Try and take a public transport like an auto rickshaw or a bus when visiting this place as parking can be a problem sometimes. Take a hanky or a scarf to cover your head when inside the shrine – it’s a cultural/religious thing. If you are not a fan of crowded places, try and visit the place during weekdays and when there are no festivals round the corner.
It's right at the centre of the town and a nice place for an evening stroll around chowpaati (no, not the Mumbai one). Go boating, eat the local chaat (snacks) or just click away pictures and watch the sunset. By the lake is the Daulat Bagh, a garden laid out by Emperor Jahangir. Emperor Shah Jahan later added five pavilions, known as the Baradari, between the garden and the lake. It is, however, obvious that the place is thronged by couples and love birds what with the scenic views and parks around it.
The fort which overlooks the whole city was the seat of the Chauhan rulers. It is reputed to be one of the oldest hill forts in India and the world. It’s a steep climb of around two hours which is exciting for those who want to walk in the morning sun. For those who don’t get excited by the idea of a 3 km uphill walk can certainly go by a car. The place is usually deserted with not many people around, so avoid going alone.
Adhai Din Ka Jhonpda
A Vaishnava Hindu temple which was converted into a mosque later is situated on the lower slope of Taragarh hill.
Soniji Ki Nasiyan
It is an architecturally rich Digambara Jain temple and has several gold-plated wooden figures. Go there to experience the rich culture of Jain religion and for some peace and quiet.
Nareli Jain Temple
This was built a few years ago and is a great spot for picnics or a short getaway outside the town. With its temple which offers amazing views of the surroundings, parks and small restaurants, the place is perfect if you want to get out of town.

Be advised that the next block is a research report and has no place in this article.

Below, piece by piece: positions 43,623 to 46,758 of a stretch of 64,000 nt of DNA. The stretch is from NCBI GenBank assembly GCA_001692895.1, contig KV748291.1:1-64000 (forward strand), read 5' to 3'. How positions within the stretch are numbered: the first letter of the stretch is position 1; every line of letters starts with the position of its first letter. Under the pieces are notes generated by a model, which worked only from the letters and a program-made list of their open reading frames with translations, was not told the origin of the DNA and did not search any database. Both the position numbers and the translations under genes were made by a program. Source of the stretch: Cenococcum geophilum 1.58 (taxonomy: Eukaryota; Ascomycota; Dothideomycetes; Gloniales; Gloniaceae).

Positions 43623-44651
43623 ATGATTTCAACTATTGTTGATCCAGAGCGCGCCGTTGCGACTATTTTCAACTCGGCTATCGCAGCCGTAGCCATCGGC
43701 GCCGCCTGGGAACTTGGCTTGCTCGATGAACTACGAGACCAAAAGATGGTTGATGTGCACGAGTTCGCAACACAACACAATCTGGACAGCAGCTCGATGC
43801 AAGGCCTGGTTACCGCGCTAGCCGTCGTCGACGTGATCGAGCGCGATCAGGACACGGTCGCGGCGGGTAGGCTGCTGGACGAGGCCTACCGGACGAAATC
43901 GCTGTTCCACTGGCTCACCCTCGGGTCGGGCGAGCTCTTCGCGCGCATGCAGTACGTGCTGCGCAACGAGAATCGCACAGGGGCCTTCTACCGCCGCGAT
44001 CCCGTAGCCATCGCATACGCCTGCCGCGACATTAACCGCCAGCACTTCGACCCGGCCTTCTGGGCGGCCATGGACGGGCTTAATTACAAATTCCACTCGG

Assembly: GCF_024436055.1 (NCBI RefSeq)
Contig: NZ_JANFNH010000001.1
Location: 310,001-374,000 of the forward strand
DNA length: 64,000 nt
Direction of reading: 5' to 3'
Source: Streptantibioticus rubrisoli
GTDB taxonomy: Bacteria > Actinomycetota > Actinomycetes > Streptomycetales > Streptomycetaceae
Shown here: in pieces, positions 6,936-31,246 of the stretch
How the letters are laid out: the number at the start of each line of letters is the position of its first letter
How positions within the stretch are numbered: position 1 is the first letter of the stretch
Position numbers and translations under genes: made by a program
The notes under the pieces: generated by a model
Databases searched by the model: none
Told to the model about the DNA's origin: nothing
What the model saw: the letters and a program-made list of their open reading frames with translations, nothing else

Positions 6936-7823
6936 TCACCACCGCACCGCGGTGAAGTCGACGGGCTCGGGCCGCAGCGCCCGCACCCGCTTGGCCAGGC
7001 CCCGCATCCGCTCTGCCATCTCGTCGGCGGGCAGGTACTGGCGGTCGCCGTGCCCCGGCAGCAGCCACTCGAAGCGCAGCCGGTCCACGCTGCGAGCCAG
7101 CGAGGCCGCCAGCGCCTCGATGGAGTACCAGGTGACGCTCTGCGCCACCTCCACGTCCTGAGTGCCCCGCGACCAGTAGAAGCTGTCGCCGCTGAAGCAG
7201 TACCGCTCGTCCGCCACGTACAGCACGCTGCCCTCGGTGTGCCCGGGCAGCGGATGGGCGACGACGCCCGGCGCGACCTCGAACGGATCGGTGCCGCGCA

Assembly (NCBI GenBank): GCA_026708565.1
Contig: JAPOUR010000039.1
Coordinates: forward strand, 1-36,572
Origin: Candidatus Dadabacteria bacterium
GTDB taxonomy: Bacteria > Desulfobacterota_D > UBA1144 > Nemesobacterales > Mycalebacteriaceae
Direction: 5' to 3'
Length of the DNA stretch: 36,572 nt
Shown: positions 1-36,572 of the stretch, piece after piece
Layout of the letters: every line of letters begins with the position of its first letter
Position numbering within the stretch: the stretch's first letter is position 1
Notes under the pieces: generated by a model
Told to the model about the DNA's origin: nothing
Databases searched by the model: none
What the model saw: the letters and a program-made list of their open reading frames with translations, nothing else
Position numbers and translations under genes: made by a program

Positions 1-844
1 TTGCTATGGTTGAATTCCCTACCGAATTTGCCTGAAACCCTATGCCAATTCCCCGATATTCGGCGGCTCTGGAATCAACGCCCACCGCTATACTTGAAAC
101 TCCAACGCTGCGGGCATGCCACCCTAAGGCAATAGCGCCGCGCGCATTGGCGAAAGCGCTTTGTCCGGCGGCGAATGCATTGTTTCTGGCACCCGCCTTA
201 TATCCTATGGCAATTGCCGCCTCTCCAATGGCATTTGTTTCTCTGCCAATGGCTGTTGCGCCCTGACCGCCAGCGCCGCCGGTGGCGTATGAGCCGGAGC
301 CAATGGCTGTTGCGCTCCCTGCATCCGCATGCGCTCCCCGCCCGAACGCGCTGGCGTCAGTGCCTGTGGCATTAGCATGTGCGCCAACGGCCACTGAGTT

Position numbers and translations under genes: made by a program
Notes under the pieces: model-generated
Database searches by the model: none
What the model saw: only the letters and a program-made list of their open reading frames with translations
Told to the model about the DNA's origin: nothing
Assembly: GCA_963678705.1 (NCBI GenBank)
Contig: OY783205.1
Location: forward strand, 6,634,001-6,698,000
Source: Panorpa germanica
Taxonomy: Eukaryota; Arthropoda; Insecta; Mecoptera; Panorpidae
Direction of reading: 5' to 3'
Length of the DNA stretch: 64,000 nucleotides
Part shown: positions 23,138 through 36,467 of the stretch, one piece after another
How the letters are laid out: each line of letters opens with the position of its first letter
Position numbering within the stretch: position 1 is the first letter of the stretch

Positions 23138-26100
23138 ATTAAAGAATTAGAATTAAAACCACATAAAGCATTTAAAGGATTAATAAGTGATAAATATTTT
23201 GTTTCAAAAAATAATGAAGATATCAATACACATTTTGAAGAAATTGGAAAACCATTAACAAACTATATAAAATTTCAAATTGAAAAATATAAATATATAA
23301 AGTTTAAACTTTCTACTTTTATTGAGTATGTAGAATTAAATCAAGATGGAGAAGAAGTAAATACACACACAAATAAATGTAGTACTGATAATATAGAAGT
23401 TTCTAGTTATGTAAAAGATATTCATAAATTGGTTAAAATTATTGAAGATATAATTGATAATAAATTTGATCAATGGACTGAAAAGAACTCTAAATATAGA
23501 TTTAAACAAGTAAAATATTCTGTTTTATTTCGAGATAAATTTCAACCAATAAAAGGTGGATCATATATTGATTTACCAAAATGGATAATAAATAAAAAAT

Lake Foy Sagar
It is a picturesque artificial lake offering panoramic views of Aravali mountains and great for bird-watchers.
This is an offbeat spot to visit. It is a boarding school located inside the town and the architecture of the school buildings is in the same style as royal Rajasthani architecture. The school's main building, in white marble, is a classic example of Indo-Saracenic architecture. It has sprawling fields all around the campus and it is truly one of the places that you should not miss.
Some other places around Ajmer that can be on your bucket list include Merta city (birth place of Meera bai, famous devotee of Lord Krishna), Kishangarh (for Kishangarh style of painting and marbles) and Barefoot College, Tilonia (a small village which has become a model village for many across the world).
Grab a bite: For good food and hangout places, I would recommend Pushkar cafes and restaurants. In Ajmer city you can grab a bite of good Indian food at Mango Masala or Ambrosia restaurant. You must also taste kachoris and lassi near Purani Mandi. Don’t forget to try out mouthwatering Maalpuaas (a sweet) in Pushkar.
Spend your money on: Kishangarh paintings, marble statues from Kishangarh, handmade clothes and accessories from Tilonia, handicrafts, kurtis, sundresses, jewellery, chappals and bags from Pushkar, camel trinkets as souvenirs, bangles and antiques from Ajmer.
When: Monsoons (neither too hot nor too cold), when the Aravalli range here gives the feel of a hill station.